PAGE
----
Second Call For Papers
Integrating the Workplace:
A Retrospective on the 50th Anniversary of “Plans for Progress”
October 14-15, 2011
We invite proposals that cover any aspect of workplace integration in the post-World War II era, with a preference for papers dealing with the period 1960-1990. Suggested themes include, but are not limited to, voluntary government-business partnerships such as Plans for Progress and the National Alliance of Business, government action including the origins and development of the Equal Employment Opportunity Commission, and race and organized labor. We expect to publish an edited volume of the best essays from the conference.
The conference is multidisciplinary and seeks proposals from a variety of fields, including history, sociology, management, economics, labor studies, and any other relevant discipline.
Please send a one-page paper proposal in electronic format to Randall Patton, Department of History & Philosophy, email@example.com. Proposal deadline: August 17, 2011. Deadline for completed draft papers: Oct. 1, 2011.
Background and Context
In March 1961, President Kennedy issued Executive Order 10925, directing government contractors “to take affirmative action to ensure that applicants are employed, and that employees are treated during their employment, without regard to their race, creed, color, or national origin.” Within days, the Georgia branch of the Lockheed aircraft manufacturing company became embroiled in a controversy over the continuation of regional patterns of racial segregation. Lockheed-Georgia had just received a contract from the Defense Department for the new C-141 Starlifter, a contract that was crucial for the continued existence of thousands of jobs with the largest manufacturing employer in the southeastern United States. Out of that controversy, Lockheed and the federal government signed a “Plan for Progress” that committed the firm to developing an affirmative action plan to increase minority hiring, training, retention, and promotion to overcome years of past discrimination.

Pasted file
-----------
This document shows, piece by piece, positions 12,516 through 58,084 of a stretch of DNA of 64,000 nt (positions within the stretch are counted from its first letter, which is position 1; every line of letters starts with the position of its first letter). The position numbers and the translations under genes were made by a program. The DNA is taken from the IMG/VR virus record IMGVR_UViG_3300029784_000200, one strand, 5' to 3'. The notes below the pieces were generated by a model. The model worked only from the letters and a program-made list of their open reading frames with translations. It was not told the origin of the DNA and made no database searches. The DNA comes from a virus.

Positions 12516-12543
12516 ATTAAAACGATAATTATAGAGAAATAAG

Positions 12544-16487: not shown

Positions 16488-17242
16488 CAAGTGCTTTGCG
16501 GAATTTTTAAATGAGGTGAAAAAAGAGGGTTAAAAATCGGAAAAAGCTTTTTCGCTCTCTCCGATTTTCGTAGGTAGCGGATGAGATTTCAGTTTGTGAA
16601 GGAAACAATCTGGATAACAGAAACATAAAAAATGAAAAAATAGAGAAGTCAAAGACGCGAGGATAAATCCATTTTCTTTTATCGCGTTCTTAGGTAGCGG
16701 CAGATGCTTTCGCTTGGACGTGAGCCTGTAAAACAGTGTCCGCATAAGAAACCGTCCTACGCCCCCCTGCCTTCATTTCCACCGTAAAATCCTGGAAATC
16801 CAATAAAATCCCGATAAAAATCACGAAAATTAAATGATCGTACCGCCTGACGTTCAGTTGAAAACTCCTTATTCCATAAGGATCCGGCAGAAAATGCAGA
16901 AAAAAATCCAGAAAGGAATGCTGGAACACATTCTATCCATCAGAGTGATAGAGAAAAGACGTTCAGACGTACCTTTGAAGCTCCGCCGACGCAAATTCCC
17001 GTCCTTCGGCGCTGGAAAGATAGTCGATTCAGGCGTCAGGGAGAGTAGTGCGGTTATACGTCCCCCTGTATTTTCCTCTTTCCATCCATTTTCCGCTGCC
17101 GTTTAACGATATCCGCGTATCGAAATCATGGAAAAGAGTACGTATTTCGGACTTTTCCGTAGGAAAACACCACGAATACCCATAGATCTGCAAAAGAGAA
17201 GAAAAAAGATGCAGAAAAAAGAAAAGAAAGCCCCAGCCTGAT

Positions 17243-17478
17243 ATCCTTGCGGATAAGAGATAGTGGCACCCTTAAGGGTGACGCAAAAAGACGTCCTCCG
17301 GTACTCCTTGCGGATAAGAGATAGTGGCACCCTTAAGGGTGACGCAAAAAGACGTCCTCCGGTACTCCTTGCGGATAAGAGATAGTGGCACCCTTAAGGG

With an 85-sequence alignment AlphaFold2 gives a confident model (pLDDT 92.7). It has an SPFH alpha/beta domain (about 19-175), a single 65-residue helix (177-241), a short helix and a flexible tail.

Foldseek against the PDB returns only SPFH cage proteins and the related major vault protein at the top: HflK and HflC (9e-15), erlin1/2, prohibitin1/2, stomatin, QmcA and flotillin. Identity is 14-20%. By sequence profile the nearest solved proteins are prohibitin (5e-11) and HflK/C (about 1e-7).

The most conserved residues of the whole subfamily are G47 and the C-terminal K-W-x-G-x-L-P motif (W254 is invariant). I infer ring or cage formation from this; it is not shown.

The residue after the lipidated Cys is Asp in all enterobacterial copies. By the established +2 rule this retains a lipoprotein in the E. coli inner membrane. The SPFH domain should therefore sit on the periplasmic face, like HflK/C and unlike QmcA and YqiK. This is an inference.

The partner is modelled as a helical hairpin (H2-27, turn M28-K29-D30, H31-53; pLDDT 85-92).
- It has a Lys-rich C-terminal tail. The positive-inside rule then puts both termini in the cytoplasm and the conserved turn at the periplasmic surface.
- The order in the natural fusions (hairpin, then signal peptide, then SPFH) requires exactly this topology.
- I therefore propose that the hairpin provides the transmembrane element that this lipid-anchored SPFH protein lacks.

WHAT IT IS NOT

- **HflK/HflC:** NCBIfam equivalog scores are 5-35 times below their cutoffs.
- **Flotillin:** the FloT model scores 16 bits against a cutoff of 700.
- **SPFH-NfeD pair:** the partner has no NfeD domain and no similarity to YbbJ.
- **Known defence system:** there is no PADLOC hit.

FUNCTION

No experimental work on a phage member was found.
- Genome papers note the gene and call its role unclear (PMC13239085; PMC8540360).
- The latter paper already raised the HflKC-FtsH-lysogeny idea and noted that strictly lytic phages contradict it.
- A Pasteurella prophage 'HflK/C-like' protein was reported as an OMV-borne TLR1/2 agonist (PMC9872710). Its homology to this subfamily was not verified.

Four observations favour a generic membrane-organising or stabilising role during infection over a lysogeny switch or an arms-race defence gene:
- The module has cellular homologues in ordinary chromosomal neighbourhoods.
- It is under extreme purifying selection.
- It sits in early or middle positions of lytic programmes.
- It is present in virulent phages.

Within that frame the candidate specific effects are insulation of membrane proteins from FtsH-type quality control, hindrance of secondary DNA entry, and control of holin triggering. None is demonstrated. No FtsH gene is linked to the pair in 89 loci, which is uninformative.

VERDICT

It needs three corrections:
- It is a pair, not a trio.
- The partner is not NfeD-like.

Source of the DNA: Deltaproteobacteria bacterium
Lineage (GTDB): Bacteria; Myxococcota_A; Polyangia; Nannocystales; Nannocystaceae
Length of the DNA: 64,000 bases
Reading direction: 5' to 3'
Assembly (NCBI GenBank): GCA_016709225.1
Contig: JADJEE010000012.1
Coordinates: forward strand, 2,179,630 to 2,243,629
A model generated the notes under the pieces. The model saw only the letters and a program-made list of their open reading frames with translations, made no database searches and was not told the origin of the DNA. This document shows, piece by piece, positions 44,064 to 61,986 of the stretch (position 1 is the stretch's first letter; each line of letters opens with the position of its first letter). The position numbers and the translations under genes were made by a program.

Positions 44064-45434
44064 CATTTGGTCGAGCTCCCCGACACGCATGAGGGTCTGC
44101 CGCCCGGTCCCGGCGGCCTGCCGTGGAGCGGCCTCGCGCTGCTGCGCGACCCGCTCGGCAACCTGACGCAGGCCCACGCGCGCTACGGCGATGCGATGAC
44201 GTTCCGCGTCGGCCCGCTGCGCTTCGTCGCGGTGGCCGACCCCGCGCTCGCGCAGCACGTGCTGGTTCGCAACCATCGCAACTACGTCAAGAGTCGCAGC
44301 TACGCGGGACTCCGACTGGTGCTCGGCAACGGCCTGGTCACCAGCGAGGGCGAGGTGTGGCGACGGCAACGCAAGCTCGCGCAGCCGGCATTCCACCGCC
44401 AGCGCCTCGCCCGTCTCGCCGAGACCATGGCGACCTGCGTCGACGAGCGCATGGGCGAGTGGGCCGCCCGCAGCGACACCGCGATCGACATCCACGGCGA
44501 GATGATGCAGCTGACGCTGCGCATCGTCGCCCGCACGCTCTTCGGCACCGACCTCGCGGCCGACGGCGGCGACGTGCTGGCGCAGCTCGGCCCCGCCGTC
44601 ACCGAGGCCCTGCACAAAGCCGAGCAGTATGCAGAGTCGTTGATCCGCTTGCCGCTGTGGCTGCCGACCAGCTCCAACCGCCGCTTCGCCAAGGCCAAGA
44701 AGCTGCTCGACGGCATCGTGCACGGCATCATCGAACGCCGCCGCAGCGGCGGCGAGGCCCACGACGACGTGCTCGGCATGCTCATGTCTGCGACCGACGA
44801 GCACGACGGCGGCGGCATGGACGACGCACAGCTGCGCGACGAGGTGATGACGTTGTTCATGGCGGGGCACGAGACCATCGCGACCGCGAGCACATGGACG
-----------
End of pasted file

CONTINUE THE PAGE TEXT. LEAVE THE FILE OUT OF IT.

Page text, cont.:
Over the succeeding fifty years, American business has helped shape, and been shaped by, increasing diversity in the workplace. This conference will examine the origins and development of workplace integration from the 1960s to the present day. The close proximity of Lockheed, a key player in the evolution of corporate diversity policies from its arrival in Georgia in 1951, makes Kennesaw State University a logical location for such a conference. The KSU Archives also houses the Gordon/Kruse/Wentzel Collection, which may be of interest to authors preparing papers. For more information on the collection, see http://archon.kennesaw.edu/?p=collections/controlcard&id=197 .
A conference website is in the works.
Contact Randall L. Patton, Kennesaw State University, firstname.lastname@example.org, for more details.
Randall L. Patton
Department of History
Kennesaw State University
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